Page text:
Vietnamese cinema’s new take on reality
Vietnamese movies are increasingly embracing social realism, not a genre filmmakers have been familiar with for long.
Recent social realism releases like “Rom”, “Tiec Trang Mau” (Blood Moon Party), and “Trai Tim Quai Vat” (The Monster’s Heart) prove the genre is on the rise domestically.
Since its July release, “Rom”, directed by Tran Thanh Huy, has taken VND70 billion ($3 million) while “Blood Moon Party”, directed by Nguyen Quang Dung and released in October, earned VND167 billion at the box-office.
The revenues are a good omen considering this is a difficult genre for Vietnamese artists compared to rom-coms or action movies.
In fact, more and more filmmakers are becoming interested in social realism because of its increasing popularity in Asia and elsewhere. American movie “Three Billboards Outside Ebbing, Missouri” got nominated for the best film Oscar. Made on a shoestring budget of $15 million, it grossed $156 million.
South Korean movie “Hope” directed by Lee Joon-ik in 2013 won for Best Film at the 34th Blue Dragon Film Awards and was liked by audiences in Asia including Vietnam.
“Rom” is praised by moviegoers for its realistic topic, on-location shots and camera technique. The film revolves around a child protagonist living in a dilapidated neighborhood infested with desperate gamblers.
On the other hand, despite being shot in similar settings, “Trai Tim Quai Vat” (The Monster’s Heart), directed by Ta Nguyen Hiep, reflects controversial issues like eminent domain, massage disguised prostitution, and complicated human relationships within an apartment block. Camera angles manage to highlight the dustiness of every flight of stairs, along with the suffocating and bleak atmosphere inside the building.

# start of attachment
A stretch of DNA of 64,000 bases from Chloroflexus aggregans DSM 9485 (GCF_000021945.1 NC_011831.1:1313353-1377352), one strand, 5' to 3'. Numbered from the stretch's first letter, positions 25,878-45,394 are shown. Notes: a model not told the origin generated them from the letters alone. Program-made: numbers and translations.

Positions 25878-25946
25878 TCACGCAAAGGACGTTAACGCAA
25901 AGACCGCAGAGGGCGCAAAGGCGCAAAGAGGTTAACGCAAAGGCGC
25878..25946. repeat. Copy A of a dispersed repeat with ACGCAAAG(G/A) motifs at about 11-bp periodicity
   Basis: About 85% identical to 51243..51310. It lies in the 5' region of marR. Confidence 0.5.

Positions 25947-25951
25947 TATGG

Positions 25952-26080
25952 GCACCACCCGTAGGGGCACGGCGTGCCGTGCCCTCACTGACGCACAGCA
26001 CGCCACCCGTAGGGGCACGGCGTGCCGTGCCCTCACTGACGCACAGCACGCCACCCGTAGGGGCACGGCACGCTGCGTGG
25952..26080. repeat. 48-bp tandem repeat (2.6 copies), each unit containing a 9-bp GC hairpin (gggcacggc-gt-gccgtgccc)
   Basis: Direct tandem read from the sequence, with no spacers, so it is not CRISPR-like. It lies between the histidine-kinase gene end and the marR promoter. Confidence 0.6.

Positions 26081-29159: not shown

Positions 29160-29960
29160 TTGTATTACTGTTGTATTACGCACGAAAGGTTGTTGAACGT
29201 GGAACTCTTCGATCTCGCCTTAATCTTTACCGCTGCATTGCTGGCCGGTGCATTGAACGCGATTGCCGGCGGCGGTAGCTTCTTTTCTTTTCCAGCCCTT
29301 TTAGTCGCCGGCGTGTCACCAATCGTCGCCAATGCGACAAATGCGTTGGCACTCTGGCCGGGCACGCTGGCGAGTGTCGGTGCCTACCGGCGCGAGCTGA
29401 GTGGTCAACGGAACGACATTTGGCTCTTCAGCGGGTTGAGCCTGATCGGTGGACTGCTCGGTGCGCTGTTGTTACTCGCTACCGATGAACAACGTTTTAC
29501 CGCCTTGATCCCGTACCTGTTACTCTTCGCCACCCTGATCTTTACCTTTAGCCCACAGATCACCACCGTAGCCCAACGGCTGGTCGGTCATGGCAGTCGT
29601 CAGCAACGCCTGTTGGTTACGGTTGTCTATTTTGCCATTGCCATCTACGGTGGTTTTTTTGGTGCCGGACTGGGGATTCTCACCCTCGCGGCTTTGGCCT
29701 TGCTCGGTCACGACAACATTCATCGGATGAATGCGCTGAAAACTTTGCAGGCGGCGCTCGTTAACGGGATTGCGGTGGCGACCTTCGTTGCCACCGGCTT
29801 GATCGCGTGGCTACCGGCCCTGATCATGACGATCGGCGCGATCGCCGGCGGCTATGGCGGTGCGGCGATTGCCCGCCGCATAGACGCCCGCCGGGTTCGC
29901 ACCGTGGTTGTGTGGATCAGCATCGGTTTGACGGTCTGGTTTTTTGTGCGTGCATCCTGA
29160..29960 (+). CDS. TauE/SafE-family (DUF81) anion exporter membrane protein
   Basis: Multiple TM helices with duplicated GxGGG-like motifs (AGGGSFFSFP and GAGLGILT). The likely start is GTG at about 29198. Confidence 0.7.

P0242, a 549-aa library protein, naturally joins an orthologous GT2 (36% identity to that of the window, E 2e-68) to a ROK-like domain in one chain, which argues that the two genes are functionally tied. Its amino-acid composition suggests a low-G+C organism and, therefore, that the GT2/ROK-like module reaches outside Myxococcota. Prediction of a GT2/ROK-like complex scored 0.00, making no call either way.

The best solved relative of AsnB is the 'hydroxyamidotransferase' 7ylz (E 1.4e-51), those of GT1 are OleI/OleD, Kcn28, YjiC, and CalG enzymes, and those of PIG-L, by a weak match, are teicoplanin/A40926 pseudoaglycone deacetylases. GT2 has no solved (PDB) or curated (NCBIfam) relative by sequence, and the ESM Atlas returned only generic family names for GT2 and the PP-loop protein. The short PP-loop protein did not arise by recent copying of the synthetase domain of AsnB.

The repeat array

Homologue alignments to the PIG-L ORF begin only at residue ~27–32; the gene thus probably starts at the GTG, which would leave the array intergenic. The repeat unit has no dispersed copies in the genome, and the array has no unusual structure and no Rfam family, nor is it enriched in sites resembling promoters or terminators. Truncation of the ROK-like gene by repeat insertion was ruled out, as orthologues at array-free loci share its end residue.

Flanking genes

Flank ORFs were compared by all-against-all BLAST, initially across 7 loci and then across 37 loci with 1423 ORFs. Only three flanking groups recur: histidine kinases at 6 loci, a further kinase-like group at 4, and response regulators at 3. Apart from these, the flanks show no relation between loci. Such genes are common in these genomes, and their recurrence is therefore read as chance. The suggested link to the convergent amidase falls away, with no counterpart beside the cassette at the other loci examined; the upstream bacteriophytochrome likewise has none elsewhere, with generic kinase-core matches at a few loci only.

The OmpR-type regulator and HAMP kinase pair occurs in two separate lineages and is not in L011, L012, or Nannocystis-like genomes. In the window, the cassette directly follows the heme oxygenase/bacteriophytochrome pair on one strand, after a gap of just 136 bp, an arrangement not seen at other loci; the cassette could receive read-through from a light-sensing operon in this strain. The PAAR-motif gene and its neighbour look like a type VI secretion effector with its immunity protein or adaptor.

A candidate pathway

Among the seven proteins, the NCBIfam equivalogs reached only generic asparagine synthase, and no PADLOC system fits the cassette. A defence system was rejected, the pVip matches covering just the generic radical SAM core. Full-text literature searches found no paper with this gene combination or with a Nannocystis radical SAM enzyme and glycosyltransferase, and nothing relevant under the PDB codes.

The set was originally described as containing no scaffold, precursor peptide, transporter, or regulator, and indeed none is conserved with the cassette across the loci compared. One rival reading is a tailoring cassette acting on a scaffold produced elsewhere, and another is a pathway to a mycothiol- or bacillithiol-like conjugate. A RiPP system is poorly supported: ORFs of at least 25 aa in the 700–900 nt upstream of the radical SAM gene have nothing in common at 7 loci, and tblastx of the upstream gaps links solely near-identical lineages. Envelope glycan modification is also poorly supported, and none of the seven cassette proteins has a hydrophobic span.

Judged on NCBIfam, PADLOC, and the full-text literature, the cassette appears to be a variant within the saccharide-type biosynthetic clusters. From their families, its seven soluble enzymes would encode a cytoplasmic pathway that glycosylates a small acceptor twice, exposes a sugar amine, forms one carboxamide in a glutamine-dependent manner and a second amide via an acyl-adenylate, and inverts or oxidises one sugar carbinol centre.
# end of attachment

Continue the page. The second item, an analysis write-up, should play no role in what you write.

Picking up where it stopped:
Released in November, plenty of Vietnamese youth might easily relate to the characters in director Le Minh Hoang’s “Sai Gon Trong Con Mua” (Sai Gon in the Rain), that focuses on the familiar “love or career” topic, set against the backdrop of real small alleys and traditional flower markets.
Social realism is not always dark, but a reflection of working-class life. And through the kaleidoscopic lens of cineastes, it could be made bright too, according to industry insiders.
For example, “Anh Thay Ngoi Sao” (Superstar Teacher) directed by Duc Thinh, released last year, centers on a famous singer’s retreat journey to an island to have a whale of a time with local students. Or “Thua Me Con Di” (Goodbye Mother) directed by Trinh Dinh Le Minh, and “Ngoi Nha Buom Buom” (Butterfly) directed by Huynh Tuan Anh, focused on homosexual families.
The fact that these movies gross decently also means cinemagoers are not opposed to the genre since after all, they deal with real life issues, said industry insiders.
Movie producer-director Nguyen Quang Dung commented social realism is a hard genre to tackle. But, he believes that this genre has a real potential to grab the attention of moviegoers in Vietnam market. “Let’s take the South Korean hit “Parasite” raking in VND90 billion in Vietnam as an example of how one good social realism movie could succeed in the domestic market.”
At a meeting in HCMC, director Dang Nhat Minh also said that: “Moviemakers have to make a decision to pick up social issues from a diversity of life aspects for their movies. An artist’s must-have quality is real life experience so that his or her movie can resonate well with the audience.”
By Kieu Anh – VnExpress.net – November 30, 2020